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Vesmuhunu (Devil Masks) of Sri Lanka

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Mask used in Rituals 

In an Island famous for worshipping demons believed to be living in trees and mountains, devil masks are in popular usage for ungodly practices. Masks used in various dramatic rituals in Sri Lanka can be classified as mythological, demonic, animal-spirit and human figures. Oldest of them are animal and demonic ( or animal-cum-demonic, human-cum-demonic). The significance and designs of mythological masks are associated with iconography of the folk religions of the historical period. On the other hand, the significance and design of the human masks have been evolved in recent time. 

The authentic masks and masking traditions of Sri Lanka are extraordinary cultural phenomenon and a significant contribution Sri Lanka has made to the Asian cultural spectrum. It is indeed a puzzle as to how the Sri Lankan masks have a short history in an ancient civilization that has to date traces of hunter-gatherer type of society. The present-day Veddas, who are considered to be the primeval ancestors of the Sinhalas, have preserved various ritual ceremonies and ritual practices involving mime, facial and body painting. Some of these practices are directly connected with ancestor  worship as evidence from the na-Yaku  cult. These attempts at invoking the supernatural, are evident in other part of the world were hunter •gatherer societies still exists. 

Five categories of masks in Sri Lanka     

In the context of different usages of masks, researches have classified Sri Lankan masks are,

1 religio-magical

2 ritual-cum-spiritual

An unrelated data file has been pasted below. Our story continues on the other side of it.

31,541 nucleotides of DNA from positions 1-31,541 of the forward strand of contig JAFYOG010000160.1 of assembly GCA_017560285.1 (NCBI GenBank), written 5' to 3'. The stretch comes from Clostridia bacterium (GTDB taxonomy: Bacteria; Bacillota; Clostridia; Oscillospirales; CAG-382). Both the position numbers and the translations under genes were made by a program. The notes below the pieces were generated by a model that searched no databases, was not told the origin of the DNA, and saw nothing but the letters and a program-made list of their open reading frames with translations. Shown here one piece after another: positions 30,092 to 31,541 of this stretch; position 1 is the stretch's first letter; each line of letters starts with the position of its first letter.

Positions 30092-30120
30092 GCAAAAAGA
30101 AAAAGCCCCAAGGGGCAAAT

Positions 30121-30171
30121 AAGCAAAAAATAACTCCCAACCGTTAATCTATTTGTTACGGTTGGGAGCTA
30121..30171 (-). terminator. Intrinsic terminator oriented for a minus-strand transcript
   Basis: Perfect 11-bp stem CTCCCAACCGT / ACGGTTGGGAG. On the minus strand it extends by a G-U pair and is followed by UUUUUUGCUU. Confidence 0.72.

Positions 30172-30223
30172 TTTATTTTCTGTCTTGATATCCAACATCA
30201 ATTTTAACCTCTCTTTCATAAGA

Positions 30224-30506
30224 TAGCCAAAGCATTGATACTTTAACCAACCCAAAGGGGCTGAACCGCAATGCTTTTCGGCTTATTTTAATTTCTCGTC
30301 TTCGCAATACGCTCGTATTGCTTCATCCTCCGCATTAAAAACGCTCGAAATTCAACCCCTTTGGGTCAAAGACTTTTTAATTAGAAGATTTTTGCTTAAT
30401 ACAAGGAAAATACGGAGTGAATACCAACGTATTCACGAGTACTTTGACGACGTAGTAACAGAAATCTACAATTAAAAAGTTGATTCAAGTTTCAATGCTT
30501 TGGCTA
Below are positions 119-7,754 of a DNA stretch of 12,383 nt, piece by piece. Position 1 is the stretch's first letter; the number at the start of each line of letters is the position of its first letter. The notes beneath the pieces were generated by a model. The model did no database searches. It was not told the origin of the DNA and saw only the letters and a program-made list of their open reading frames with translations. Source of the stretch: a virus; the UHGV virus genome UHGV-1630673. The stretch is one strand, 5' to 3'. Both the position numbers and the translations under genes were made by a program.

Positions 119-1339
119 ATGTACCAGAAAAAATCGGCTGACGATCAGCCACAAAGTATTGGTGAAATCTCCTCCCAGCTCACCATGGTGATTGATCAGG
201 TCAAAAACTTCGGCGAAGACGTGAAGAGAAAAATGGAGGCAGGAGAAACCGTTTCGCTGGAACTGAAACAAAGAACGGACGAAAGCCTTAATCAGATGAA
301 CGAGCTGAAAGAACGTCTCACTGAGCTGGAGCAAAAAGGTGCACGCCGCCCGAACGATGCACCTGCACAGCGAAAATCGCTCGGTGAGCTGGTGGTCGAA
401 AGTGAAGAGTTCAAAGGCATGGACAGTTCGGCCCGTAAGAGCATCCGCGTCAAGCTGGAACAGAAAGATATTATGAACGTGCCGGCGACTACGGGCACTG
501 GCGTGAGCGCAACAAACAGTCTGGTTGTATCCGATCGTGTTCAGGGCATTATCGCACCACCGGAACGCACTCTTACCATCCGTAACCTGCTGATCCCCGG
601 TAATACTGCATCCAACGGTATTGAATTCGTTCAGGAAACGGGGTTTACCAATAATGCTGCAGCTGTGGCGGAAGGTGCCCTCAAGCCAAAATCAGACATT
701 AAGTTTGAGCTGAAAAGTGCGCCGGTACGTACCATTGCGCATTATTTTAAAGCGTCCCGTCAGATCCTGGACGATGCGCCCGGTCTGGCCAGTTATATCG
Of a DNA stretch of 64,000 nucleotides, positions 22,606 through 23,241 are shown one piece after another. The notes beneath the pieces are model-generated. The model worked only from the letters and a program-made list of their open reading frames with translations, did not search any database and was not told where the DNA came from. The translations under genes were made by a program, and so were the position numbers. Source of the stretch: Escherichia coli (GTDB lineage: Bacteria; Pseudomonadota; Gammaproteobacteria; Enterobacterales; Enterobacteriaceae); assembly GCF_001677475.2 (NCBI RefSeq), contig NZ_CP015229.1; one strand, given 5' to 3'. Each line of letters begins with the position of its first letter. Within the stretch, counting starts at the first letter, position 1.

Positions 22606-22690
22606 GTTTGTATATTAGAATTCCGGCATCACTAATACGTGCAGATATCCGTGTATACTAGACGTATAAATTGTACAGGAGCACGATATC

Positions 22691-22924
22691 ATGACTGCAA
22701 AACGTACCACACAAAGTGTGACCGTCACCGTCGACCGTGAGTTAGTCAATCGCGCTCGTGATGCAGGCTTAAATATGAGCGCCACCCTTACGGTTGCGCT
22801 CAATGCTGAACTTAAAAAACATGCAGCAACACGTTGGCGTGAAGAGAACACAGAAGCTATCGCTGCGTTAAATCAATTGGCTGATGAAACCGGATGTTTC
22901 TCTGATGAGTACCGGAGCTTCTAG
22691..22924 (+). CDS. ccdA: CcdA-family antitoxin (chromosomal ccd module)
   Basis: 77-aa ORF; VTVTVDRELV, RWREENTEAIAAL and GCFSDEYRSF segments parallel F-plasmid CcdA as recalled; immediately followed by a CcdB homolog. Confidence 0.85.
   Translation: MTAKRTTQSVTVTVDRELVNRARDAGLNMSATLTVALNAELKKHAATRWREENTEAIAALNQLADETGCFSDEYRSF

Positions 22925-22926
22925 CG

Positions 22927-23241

3 secular-cum-ritual

4 exorcistic

5 exocistic with ritual overtones 

The categories 1 and 2 are related to ancestor cult, faith, curative and sustenance masks, while the category 3 is related to hunting, warfare, fertility (agricultural) and memorial service masks. The category 4 are masks used are in Rites of Passage (initiation, funeral, secret society), including totems and emblems. There are occasions when the above classifications tends to mix-up. Sri Lankan masks can not be studied under the above category. But the entire ceremony is cathartic and dramatic in effect. Sri Lankan masks exists basically in three contexts in the ritual, in the ceremonial dance and in professional displays and festive occasions. 

The exorcists or curative rituals are commonly known as tovil , and include Sanni/Daha ata sanni, in which masks are extensively used: god rituals are known as Gammadu and Devolmadu where a pantheon of deities are invoked either to bring prosperity or to dispel contagious diseases, where masked dances are few and far between. There exist two other demon dance ceremonies called Mahasohon Samayama and Gara-yakuma, the former is connected with the belief in a gruesome and hairy monster of gigantic proportion, called Mahasohona, the demon of the graveyard and the letter is associated with a group of   demons referred to as Garayaku. 

In mask practices, the most important of the thovil varieties the cycle known as Sanni where disease-causing demons are symbolize through masks. But the most elaborate masks are of the kolam variety. It is more like an opera, having a central theme an a series of episodes enacted by dances wearing masks of different sizes, culminating in the dramatic presentation of a story. 

Sanni has has Sinhalese connotation of an aliment or disease. These are believe to arise out of the morbid states of the three humours-areal humour, bile and phlegm, which are cause by a set of demons, each such demon is called Sanni-yaka, but in his birth story is called Raja-mulu Sanni yaka. 

The sanni masks except that of the chief demon belong to a variety commonly known as kata munu and belong to the similar variety. In a sanni ceremony there are two types of masks, sanni masks and pali masks. Although a sanni ceremony is a healing ritual, it is more like a theatre. Since there is much dialogue in the various scenes, the sanni masks are carved with adequate provision for the mask-wearer to talk at length and have his voice heard loud and clear by the audience. 


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